Adult eating disorders outcomes

Individuals receiving treatment for eating disorders are routinely assessed to monitor treatment progress and program outcomes. Three tools are used to monitor the severity of eating disorder symptoms as well as co-occurring problems. These measures help us create individualized treatment plans addressing each person’s unique concerns, assess each person’s progress in treatment and evaluate the overall effectiveness of our programs.

  • Eating Disorder Examination-Questionnaire (EDE-Q) – Assesses the overall severity of eating disorder symptoms across four unique eating disorder features: restraint, eating concern, shape concern, and weight concern. The scores from each category are combined for an overall score which indicates the severity of the eating disorder.
  • Quick Inventory of Depressive Symptomatology (QIDS) – Measures the overall severity of depression symptoms. Because many individuals diagnosed with an eating disorder also struggle with depression, we treat depression and the eating disorder at the same time. This is proven to be more effective than treating the disorders separately.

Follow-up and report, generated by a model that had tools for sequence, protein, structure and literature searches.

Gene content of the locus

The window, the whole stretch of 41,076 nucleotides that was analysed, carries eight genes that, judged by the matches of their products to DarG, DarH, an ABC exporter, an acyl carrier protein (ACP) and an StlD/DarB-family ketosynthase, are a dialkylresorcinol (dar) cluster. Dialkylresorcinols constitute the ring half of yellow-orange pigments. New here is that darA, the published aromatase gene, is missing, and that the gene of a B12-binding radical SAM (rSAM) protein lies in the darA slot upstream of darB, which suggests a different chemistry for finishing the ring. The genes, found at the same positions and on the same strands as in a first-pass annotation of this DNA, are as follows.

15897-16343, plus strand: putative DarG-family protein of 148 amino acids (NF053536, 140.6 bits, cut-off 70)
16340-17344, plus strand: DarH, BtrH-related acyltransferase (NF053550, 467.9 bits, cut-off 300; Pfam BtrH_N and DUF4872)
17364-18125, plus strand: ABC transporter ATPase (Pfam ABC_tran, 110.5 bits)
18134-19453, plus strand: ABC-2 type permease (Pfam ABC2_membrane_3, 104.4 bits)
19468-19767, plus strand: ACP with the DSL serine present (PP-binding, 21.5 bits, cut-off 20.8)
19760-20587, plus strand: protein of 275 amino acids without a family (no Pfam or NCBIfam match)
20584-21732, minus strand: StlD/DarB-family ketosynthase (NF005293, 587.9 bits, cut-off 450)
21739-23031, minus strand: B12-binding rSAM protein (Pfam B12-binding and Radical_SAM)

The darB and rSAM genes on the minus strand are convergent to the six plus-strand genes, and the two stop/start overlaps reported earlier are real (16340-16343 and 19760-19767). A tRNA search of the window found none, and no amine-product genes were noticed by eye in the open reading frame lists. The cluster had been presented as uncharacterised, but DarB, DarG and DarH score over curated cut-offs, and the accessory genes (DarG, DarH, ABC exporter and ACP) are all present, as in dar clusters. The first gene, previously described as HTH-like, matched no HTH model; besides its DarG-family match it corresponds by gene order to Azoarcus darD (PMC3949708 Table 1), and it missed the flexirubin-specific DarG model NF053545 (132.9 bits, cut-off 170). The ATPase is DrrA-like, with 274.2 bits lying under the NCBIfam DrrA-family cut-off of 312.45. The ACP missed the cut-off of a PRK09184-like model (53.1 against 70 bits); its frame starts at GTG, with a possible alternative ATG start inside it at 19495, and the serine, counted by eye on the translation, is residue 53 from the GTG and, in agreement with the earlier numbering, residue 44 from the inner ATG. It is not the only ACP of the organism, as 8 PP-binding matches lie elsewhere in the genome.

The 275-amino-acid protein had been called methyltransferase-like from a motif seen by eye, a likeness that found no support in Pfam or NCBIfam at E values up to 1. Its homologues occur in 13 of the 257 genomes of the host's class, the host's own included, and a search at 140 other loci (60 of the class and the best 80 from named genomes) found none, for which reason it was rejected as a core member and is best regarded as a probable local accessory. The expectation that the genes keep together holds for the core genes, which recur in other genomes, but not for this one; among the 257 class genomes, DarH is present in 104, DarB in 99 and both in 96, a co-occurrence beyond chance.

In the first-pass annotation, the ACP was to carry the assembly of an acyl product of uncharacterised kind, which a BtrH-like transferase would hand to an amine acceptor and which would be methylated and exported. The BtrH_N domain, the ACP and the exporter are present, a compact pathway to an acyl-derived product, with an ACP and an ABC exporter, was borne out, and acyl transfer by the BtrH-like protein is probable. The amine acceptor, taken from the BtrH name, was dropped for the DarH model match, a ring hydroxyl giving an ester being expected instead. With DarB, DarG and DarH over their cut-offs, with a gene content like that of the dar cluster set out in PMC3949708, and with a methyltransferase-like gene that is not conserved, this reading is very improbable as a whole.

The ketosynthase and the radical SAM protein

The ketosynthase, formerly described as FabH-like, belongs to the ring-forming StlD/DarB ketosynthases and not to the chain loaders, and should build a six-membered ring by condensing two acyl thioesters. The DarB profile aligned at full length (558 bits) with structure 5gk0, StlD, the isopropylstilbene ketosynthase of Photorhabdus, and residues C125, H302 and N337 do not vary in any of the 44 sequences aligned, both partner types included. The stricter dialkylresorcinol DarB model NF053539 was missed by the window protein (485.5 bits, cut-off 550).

• Quality of Life Enjoyment and Satisfaction Questionnaire (Q-LES-Q) – Eating disorders often decrease a person’s overall quality of life. This scale measures the overall enjoyment and satisfaction individuals experience across a number of life domains such as family relationships, work, hobbies, etc. Our goal is to improve the quality of life for those we treat.

Results consist of self-reported outcomes from consenting adults treated between 2015 and 2017 in our eating disorder services. The data below reflects 119 adults who consented and admitted to our residential services and 164 who admitted to partial hospitalization.  The results of this data consistently show positive outcomes. 

Child/adolescent eating disorder outcomes